proportional to [...] the distance from Amsterdam - Guido van Rossum
    [24]

    * 1980 quote: '[...] The best we could do was to send with it a
    minority report, stating our considered view that, "... as a tool for
    the creation of sophisticated programs, the language was a
    failure." [...] ' - C. A. R. Hoare, Oct 1980, re: "Dec 1968"

    * Original 1968 version: "[...] More than ever it will be required
    from an adequate programming tool that it assists, by structure, the
    programmer in the most difficult aspects of his job, viz. in the
    reliable creation of sophisticated programs. In this respect we fail
    to see how the language proposed here [Algol68] is a significant step
    forward: on the contrary, we feel that its implicit view of the
    programmer's task is very much the same as, say, ten years ago. This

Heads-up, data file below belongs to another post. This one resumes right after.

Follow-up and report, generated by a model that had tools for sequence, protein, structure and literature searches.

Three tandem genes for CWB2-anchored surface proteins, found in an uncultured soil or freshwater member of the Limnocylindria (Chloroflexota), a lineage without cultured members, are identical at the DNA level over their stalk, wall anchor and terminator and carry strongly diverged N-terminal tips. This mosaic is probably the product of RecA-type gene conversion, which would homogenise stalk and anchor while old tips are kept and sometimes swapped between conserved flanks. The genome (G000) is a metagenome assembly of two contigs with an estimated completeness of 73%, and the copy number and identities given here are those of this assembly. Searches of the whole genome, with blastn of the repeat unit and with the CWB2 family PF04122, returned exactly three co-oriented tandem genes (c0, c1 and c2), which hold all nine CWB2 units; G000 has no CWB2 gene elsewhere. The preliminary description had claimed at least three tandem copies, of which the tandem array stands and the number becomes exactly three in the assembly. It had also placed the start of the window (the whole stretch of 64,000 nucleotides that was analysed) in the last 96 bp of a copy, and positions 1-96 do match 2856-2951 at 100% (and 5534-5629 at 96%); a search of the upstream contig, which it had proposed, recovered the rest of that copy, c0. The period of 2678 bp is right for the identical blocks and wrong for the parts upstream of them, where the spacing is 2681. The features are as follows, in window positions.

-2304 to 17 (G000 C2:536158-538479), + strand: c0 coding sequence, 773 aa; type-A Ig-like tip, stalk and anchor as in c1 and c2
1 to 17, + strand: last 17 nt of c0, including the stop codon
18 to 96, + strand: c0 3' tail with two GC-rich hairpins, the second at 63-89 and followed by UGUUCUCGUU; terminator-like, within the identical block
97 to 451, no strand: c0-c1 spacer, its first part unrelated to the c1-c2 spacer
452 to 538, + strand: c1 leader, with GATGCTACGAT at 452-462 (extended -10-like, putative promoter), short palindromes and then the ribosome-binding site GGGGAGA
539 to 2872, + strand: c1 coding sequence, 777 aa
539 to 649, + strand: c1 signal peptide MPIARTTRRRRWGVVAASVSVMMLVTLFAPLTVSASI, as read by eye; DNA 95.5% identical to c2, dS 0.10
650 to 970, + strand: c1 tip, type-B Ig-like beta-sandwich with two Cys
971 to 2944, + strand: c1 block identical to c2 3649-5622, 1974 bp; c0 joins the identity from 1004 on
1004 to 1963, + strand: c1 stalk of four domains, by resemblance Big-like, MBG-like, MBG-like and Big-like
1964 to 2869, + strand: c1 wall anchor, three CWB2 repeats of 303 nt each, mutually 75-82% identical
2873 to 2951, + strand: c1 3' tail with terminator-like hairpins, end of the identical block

forces upon us the conclusion that, regarded as a programming tool,
    the language must be regarded as obsolete. [...]" Signed by: DIJKSTRA,
    DUNCAN, GARWICK, HOARE, RANDELL, SEEGMUELLER, TURSKI, WOODGER. And
    then on Dec. 23, 1968, Jan V. Garwick[25]

    http://en.wikipedia.org/wiki/ALGOL_68
     
    Ted, Nov 9, 2009
    #10
  11. Lawrence D'Oliveiro

    John Little Guest

    On Nov 9, 7:11 pm, Lawrence D'Oliveiro <l...@geek-
    central.gen.new_zealand> wrote:
    ....
    > However, in this case, that last expression happens to be a GOTO statement.
    > So something funny happens...


    In short, "goto" is evil.

    Regards, John
     
    John Little, Nov 10, 2009
    #11
  12. In message <11605cf6-c05f-48fe-
    >, John Little wrote:

    > On Nov 9, 7:11 pm, Lawrence D'Oliveiro <_zealand>

    wrote:
    > ...